In 2009, Duke University conducted research on the relationship between religion and depression, suicide, anxiety, psychotic disorders, and substance abuse. Of 724 published studies, more than half found that religious beliefs had a statistically significant positive impact on mental health. Of 93 observational studies, two-thirds found that more-religious people had significantly lower rates of depression or fewer depressive symptoms. And among eight randomized clinical trials, people who participated in religious-based psychological interventions had faster symptom improvement than those in secular-based therapy or a control group.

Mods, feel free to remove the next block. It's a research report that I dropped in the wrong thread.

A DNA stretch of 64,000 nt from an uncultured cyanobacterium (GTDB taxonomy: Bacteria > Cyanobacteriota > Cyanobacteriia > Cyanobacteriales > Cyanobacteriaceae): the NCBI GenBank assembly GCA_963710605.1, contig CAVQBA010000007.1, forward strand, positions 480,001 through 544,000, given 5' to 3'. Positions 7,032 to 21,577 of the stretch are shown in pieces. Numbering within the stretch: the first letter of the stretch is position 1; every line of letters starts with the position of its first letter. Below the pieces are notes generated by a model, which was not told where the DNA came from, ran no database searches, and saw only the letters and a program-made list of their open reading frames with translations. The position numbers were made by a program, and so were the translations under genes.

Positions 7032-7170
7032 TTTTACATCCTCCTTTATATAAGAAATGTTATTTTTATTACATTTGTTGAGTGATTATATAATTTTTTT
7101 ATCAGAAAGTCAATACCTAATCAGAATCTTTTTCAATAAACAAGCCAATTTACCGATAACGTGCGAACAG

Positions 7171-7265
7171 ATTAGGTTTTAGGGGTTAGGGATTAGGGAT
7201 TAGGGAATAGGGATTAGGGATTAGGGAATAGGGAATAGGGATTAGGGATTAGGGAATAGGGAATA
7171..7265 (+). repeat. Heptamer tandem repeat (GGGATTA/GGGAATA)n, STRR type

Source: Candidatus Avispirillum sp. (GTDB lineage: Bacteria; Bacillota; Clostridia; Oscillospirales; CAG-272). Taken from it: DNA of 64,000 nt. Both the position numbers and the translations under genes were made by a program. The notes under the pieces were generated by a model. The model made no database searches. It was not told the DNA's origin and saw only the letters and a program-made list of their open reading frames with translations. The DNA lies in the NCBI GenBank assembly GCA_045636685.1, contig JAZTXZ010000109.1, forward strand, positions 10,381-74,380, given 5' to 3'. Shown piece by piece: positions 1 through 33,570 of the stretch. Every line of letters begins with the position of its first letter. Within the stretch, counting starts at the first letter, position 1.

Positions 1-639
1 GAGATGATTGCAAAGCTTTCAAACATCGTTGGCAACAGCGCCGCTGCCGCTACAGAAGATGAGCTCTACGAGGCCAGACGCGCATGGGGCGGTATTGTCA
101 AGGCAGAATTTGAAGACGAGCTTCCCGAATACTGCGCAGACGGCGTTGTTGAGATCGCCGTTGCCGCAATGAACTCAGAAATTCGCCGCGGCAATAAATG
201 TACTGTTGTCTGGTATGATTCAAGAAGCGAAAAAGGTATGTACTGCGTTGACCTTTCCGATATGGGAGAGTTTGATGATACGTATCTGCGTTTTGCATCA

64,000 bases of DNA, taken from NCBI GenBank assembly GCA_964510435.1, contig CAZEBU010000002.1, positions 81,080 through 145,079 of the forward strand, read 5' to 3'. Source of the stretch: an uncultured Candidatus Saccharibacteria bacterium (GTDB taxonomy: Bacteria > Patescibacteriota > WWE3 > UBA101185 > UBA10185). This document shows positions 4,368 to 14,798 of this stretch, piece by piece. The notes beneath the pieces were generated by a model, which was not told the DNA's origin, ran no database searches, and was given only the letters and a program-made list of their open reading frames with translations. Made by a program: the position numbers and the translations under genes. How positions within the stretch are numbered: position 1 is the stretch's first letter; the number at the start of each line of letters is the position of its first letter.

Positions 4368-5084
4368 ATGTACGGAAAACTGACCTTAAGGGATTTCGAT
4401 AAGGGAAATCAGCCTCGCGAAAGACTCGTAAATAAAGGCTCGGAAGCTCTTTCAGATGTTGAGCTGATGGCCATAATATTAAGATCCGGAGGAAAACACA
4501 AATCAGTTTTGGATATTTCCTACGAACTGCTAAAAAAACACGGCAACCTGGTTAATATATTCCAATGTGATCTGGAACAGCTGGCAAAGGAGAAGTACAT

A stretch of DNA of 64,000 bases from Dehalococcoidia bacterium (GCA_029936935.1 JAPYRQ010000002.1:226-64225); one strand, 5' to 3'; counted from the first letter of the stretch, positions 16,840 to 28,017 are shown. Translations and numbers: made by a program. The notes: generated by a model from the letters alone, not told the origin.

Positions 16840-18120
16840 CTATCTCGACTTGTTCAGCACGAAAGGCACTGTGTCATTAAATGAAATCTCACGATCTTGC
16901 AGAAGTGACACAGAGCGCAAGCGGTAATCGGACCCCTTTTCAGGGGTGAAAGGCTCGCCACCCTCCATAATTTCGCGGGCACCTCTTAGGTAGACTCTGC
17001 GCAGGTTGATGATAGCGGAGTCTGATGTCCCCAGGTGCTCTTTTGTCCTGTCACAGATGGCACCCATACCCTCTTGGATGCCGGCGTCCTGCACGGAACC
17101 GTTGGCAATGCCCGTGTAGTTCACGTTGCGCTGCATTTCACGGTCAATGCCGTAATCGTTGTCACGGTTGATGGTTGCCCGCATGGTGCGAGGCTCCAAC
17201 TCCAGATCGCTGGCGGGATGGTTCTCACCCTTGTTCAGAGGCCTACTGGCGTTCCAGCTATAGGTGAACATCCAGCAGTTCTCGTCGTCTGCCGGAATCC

Can spirituality help you? I have said in many blogs and in my book Too Late in the Afternoon: One Man’s Triumph Over Depression that triumphing over depression is a three-legged stool: medicine for the body, psychotherapy for the soul (that is, the mind, will, and emotions), and religion for the spirit. The only one of these that is not essential in all cases is medicine for the body; the other two cannot be ignored for long-term escape from the ravages of depression.
We’ll look at what you can do spiritually in Friday’s blog.